The Brexit vote sent shock waves through the global financial system. The Dow Jones Industrial Average lost 1,000 points in the first two market trading days after Britain voted 51.8%-42.8% to leave the European Union. The reason for the sell-off is the great uncertainty posed by the Brexit.how-to-invest-1-million-dollars

Although many stocks were falling on the Brexit news, there were still some U.S. stocks registering gains through the massive sell-off. In a global flight-to-safety trade, defensive stocks like utilities and real estate investment trusts are in favor.

Investors looking for shelter from the storms should consider Realty Income (NYSE: O), Duke Energy (NYSE: DUK), and Consolidated Edison (NYSE: ED).

Brexit Stocks: Utilities are Safe Havens

When geopolitical risk rears its ugly head, investors flock to safe havens. The stocks that become more popular tend to be stable dividend payers. The utility sector is one of the biggest sources of reliable dividend stocks. Duke Energy and Consolidated Edison are two in particular with long histories of generating reliable earnings, modest growth, and paying hefty dividends to shareholders.

Last year, Duke earned $4.54 per share in profit, after adjusting for one-time items. It is highly profitable, and this year, should grow earnings according to management’s forecast.

Duke’s earnings more than cover its $3.30 per share dividend. The stock offers a hefty 4% current dividend yield, which is almost double the yield of the S&P 500 Index.

Duke has paid uninterrupted dividends for 90 years and increases the dividend regularly. Last year the company bumped up its payout by 3%, and the dividend should be sustainable because Duke is only distributing less than three-quarters of its annual profit.

ConEd is another highly profitable utility that pays a rock-solid dividend. Last year, ConEd’s earnings rose 9% to $4.07 per share, thanks to rate increases. Earlier this year, ConEd raised its payout by 3%. The stock currently offers investors a 3.7% yield.

ConEd keeps a clear dividend policy. The company has set an optimal payout ratio of 60%-70% of its adjusted EPS. ConEd’s current payout ratio is around two-thirds of its annual profit, so it is right on target. ConEd is a Dividend Aristocrat, a select group of S&P 500 firms that have hiked dividends for at least 25 years in a row. ConEd has now come through with 42 consecutive annual dividend increases.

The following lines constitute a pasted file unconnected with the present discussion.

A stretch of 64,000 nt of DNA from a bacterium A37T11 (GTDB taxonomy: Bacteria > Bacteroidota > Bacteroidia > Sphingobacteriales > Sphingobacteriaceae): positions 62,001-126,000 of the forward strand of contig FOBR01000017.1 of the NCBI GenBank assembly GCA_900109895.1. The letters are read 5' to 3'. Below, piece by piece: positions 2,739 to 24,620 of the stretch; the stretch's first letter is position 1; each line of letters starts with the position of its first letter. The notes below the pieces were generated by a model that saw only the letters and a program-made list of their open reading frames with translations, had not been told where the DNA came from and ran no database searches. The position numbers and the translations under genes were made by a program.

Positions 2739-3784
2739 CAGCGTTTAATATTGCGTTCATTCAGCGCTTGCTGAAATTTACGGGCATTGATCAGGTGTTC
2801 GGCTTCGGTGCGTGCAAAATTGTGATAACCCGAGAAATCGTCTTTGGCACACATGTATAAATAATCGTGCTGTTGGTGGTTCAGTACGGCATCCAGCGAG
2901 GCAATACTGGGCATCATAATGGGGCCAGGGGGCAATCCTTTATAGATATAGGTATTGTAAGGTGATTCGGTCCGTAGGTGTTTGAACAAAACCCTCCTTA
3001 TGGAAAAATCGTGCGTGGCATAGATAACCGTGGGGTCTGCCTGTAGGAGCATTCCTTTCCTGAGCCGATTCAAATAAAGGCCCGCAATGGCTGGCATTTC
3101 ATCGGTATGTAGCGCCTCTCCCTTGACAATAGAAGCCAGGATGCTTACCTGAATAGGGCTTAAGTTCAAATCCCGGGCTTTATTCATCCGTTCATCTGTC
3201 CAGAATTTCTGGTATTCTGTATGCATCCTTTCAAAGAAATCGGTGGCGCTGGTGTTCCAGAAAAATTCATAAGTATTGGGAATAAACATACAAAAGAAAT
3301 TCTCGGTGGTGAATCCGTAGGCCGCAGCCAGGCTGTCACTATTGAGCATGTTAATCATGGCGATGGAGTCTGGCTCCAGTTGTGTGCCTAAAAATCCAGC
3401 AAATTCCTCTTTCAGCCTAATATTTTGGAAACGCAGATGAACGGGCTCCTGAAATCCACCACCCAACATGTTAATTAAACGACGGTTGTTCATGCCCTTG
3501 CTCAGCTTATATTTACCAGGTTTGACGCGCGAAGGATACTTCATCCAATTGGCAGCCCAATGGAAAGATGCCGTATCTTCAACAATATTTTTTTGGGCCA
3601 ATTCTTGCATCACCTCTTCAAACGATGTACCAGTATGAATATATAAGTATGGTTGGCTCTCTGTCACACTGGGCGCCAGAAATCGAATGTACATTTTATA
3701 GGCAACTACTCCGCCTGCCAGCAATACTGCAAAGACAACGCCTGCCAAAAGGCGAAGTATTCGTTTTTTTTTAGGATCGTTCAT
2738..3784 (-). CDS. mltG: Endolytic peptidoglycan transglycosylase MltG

Investors can comfortably buy these stocks, even after the Brexit vote, because it has little to do with the performance of U.S. utilities. Put simply, people in the U.S. need to keep the lights on, Brexit or no Brexit. Utilities are not exposed to geopolitical events. Even when the U.S. economy went into recession in 2008, Duke Energy and ConEd continued to pay and increase their dividends.

A REIT to Rely On

In addition to utilities, real estate investment trusts, or REITs, are also great picks for defensive dividend payers. One of the best REITs is Realty Income. Realty Income is engaged in “net” leases, meaning the tenant is responsible not just for paying rent, but also for covering taxes, maintenance, and insurance.

Realty Income has a high-quality portfolio, concentrated in retail. It has more than 4,600 properties in its portfolio, spread across more than 240 commercial tenants in 47 different industries.

Last year, Realty Income grew revenue and funds from operation, a non-GAAP measure of cash flow, by 9% and 7%, respectively. Its portfolio had 97% occupancy last quarter.

Its solid business model results in steady dividends. Realty Income is commonly referred to as “The Monthly Dividend Company” because it pays dividends every month. Its 3.8% dividend yield is well ahead of the S&P 500 average yield. And, Realty Income is a strong dividend growth stock. It has paid uninterrupted dividends for more than 550 months in a row, and has raised its dividend 86 times since its IPO.

Final Thoughts

The markets are going haywire again, now that Britain has officially voted to leave the EU. For investors with a higher level of risk aversion, it may be a good time to get more defensive. High-yield utilities and REITs like Duke Energy, ConEd, and Realty Income, are a great way to do that.

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Published by Wyatt Investment Research at